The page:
Understand the impact of your eczema

Although atopic dermatitis has clear physical symptoms, such as dry skin, it also has an invisible impact. Eczema could affect your life in many other indirect ways, including:

  • Impacting your sleep pattern

  • Causing difficulty in regular activities, such as doing the dishes or tidying up

  • Affecting concentration levels

  • Making you feel self-conscious or anxious

So, it's important that both you and your doctor get a deeper understanding of the ways eczema impacts your daily life. 

We’ve put together a list of questions to help you uncover the effect of atopic dermatitis across various aspects of day-to-day life.


Explore now: AD impact analyzer

It's normal if you've learnt to adjust and cope with atopic dermatitis or eczema. But you shouldn't have to, especially when options are available.

Use this intuitive questionnaire to find out how you can assess the invisible impact on your daily life. 

Your dermatology care team

A variety of healthcare professionals can offer different types of support in your search for management options that are right for you.  It’s valuable to know how these healthcare professionals differ and how you can access them.

GP or Multidisciplinary Care Services

  • Often your GP is your first point of contact. Initially, they will perform an evaluation of your symptoms, consider factors such as your medical history and give you a diagnosis
  • Depending on the severity of your eczema your GP may think you need more specialist care, because dermatologists have access to a wider range of eczema management options. Ask your GP if a referral to a dermatologist might be right for you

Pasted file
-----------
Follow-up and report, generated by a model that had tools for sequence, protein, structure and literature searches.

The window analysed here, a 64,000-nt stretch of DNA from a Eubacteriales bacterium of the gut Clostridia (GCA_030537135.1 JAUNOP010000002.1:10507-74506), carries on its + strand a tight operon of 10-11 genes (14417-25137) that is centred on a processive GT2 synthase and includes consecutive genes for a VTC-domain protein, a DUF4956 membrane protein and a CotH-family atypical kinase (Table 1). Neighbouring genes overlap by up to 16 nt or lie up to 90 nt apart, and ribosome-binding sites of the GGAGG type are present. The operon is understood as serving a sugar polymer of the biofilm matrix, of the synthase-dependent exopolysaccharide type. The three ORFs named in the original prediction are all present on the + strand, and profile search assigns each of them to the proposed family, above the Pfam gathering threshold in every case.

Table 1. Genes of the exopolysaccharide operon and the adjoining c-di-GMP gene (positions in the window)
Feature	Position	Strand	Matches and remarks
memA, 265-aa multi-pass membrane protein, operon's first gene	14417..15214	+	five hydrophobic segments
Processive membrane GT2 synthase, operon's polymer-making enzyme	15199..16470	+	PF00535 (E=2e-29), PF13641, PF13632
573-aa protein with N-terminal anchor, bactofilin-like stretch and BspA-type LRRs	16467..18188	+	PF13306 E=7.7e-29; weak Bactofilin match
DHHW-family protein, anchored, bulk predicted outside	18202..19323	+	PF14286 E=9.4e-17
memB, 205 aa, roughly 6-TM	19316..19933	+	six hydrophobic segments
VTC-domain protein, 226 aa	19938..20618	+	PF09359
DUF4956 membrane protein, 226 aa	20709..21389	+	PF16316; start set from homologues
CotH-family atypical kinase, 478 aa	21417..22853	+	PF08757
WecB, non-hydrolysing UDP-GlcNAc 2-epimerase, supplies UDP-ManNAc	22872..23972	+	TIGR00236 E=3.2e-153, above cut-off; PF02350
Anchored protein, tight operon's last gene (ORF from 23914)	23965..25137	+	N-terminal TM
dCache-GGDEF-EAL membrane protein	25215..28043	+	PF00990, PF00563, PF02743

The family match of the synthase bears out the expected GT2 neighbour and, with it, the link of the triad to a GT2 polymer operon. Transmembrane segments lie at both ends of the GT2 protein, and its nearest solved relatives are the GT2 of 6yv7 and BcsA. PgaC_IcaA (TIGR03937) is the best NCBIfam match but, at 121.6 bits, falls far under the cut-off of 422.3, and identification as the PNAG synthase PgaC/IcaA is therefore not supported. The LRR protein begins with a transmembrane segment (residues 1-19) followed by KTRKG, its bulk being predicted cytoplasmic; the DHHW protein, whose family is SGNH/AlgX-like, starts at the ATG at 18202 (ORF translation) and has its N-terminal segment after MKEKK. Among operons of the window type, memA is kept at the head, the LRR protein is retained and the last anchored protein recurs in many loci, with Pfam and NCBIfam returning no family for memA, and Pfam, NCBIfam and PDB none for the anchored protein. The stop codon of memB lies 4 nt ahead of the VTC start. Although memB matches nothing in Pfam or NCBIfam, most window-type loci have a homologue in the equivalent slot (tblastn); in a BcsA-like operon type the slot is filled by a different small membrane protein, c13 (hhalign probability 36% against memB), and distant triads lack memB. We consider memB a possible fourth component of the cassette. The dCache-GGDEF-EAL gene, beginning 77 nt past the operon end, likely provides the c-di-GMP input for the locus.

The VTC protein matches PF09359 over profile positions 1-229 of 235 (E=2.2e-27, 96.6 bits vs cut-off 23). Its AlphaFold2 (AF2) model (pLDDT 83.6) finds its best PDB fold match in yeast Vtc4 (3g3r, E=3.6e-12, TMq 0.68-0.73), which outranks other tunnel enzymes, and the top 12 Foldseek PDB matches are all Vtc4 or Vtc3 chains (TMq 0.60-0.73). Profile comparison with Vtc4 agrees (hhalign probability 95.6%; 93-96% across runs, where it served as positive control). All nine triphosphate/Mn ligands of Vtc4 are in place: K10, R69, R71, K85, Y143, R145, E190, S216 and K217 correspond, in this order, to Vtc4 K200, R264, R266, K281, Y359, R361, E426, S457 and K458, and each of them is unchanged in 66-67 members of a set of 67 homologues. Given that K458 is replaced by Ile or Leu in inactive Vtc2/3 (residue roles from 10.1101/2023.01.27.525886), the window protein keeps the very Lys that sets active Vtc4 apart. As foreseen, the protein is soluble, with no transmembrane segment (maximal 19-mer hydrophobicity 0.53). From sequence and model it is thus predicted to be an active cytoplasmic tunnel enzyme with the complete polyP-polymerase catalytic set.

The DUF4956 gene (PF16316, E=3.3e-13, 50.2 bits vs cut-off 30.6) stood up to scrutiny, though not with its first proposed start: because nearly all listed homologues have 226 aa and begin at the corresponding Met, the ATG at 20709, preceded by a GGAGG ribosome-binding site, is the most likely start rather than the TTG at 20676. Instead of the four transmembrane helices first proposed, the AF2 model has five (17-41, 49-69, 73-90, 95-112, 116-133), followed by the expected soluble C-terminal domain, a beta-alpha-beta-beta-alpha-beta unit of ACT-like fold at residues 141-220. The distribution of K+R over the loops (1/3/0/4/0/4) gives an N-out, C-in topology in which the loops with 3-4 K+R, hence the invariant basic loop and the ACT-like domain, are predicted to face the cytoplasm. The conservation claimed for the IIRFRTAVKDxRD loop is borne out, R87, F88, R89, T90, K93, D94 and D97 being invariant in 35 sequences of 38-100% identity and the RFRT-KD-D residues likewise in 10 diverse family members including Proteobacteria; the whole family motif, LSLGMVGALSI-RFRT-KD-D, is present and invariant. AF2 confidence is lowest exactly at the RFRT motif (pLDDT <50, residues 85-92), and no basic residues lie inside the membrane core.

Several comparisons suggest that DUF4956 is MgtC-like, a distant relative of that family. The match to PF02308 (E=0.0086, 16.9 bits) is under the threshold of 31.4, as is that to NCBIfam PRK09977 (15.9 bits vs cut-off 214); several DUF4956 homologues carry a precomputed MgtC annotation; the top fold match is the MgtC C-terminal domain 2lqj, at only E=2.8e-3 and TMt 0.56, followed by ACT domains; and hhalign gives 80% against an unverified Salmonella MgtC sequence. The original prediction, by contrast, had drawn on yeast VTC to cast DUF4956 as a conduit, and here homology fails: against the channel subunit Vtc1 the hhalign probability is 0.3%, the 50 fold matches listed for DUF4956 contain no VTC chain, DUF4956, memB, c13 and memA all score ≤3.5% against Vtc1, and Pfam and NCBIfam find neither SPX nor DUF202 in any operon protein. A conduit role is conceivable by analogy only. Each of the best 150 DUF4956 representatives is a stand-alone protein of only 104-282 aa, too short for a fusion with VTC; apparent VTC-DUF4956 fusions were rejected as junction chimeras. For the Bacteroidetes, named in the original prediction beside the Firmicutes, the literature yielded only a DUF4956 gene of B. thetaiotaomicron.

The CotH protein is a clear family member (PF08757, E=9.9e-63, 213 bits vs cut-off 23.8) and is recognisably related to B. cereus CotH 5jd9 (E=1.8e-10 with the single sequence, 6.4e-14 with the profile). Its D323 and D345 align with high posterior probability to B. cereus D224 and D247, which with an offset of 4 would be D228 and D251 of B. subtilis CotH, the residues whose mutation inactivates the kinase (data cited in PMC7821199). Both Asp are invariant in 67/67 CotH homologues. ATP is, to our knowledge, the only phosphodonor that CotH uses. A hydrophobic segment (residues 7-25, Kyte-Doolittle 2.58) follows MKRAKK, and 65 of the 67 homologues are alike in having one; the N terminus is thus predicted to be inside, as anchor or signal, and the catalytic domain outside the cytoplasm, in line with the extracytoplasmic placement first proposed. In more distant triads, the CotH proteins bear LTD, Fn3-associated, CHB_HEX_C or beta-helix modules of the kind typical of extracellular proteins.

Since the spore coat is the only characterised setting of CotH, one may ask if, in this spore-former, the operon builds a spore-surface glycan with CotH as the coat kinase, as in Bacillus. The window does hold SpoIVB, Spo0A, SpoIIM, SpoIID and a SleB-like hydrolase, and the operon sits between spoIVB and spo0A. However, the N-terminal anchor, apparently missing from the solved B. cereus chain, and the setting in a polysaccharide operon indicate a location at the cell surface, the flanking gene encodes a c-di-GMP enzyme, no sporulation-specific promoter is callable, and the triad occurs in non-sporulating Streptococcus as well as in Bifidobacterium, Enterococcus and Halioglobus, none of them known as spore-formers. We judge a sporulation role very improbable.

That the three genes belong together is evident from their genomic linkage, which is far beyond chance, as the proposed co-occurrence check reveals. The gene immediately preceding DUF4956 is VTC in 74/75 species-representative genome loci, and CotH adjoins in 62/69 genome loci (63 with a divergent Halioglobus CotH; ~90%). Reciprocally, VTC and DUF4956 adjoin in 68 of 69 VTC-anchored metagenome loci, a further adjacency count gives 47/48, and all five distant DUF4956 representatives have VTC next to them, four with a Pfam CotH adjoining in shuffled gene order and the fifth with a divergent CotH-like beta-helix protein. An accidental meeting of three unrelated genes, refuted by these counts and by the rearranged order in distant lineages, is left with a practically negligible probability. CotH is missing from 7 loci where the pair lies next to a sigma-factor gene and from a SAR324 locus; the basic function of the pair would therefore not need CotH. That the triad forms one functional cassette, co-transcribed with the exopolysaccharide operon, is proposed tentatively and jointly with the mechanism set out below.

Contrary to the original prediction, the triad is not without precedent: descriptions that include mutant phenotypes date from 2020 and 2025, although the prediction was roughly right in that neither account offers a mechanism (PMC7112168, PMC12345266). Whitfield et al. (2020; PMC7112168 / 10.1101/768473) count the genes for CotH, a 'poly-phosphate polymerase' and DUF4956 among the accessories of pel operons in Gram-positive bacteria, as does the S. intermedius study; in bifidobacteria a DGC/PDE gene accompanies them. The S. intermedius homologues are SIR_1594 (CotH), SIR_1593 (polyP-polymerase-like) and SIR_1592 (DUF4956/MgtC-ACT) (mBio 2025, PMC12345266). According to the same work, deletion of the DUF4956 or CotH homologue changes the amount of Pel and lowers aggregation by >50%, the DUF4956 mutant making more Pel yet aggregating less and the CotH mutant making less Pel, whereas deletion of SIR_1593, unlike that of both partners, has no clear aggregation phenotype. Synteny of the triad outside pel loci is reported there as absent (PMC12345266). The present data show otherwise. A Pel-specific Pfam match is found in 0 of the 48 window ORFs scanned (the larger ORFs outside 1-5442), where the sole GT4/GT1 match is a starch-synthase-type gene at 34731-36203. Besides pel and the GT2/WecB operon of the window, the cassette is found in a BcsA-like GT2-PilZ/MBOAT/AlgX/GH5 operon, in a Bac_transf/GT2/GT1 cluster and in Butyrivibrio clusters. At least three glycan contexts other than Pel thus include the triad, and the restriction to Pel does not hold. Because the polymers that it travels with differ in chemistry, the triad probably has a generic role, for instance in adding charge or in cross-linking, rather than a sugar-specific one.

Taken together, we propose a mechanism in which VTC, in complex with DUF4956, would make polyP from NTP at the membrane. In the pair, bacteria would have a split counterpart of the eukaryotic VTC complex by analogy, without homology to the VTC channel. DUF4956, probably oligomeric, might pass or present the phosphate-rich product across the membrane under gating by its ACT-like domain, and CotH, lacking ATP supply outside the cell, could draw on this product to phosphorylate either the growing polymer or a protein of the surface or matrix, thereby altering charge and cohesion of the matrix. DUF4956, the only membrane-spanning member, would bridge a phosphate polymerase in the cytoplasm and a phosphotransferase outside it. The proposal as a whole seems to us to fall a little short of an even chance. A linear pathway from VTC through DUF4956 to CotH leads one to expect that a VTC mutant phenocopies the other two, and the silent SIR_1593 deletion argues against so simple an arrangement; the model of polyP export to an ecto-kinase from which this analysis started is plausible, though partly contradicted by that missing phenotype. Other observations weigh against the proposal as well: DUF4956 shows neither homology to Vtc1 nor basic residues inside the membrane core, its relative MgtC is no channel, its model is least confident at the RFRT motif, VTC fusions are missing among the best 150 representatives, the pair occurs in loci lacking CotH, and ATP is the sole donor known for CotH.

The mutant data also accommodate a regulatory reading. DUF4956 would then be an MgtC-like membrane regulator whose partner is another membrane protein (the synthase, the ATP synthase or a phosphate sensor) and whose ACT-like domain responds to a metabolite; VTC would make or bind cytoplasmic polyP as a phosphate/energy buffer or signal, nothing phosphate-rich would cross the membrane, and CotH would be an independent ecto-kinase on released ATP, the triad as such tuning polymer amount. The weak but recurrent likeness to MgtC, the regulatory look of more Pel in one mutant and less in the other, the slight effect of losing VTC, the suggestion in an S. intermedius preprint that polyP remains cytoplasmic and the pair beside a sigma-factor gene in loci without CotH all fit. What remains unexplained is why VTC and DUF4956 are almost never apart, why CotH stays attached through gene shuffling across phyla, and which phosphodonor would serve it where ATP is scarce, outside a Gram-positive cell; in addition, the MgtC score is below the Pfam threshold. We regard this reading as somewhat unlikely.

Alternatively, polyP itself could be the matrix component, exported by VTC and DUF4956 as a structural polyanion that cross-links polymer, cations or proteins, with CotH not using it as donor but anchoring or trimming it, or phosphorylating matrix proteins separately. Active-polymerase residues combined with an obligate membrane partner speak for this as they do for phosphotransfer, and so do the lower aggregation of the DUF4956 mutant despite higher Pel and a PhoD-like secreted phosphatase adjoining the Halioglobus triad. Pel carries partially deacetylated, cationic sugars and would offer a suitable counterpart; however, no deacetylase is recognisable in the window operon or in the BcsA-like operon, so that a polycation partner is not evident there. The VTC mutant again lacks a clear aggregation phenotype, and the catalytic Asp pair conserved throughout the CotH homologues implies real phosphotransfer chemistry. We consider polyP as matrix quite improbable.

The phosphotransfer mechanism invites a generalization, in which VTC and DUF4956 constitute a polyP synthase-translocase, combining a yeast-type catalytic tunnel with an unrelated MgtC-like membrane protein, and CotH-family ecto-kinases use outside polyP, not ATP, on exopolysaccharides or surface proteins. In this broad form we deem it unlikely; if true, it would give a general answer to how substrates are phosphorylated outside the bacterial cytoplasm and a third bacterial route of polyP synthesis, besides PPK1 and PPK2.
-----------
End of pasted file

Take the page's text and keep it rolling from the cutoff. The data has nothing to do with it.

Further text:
• A dermatologist is a doctor who specialises in the treatment of skin conditions
  • Dermatologists may provide more detail into your diagnosis or discuss additional management options.
  • Although dermatologists may not change your treatment regimen straight away, they may provide you with information on options to explore in the future
  • Usually, you can only speak to a dermatologist after a referral from a GP. If you feel like you could benefit from speaking with a dermatologist, talk to your GP about getting a referral. Watch this video to find out more.

Dermatology Specialist Nurse

  • A dermatology specialist nurse is a nurse who specialises in the treatment of skin conditions and will work alongside your dermatologist to support you in the management of your eczema
  • You may have more contact with your specialist nurse than other members of your care team and they will likely work with you to understand the impact of your eczema on your life.
  • Your specialist nurse may help you understand the management options available and how to use them correctly.


  • Allergists are a type of doctor that specialises in allergies and the immune system, they are often involved in treating and managing food allergies and contact allergies
  • There are allergens that may aggravate eczema flares. These can include pollen, pet dander and skin irritants like soap and fabric detergents. An allergist can help you navigate the way hay fever or other allergies may affect skin conditions.

Start a conversation about eczema

We have put together three easy steps that can help you kick-start an essential conversation about eczema with your doctor. content/abbvie-lets-talk-eczema-ous/gb/en/all-about-eczema.html

This is the first step towards beginning a new conversation about eczema with your doctor. It’s followed by:

Explore the three steps and find out why having a new conversation could be worthwhile for you.


Date of preparation: August 2023, UK-IMM-230215

Date of preparation: October 2023,

This website has been funded and developed by Abbvie and is intended for UK audiences only.

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Date of preparation: September 2023, UK-IMM-230189.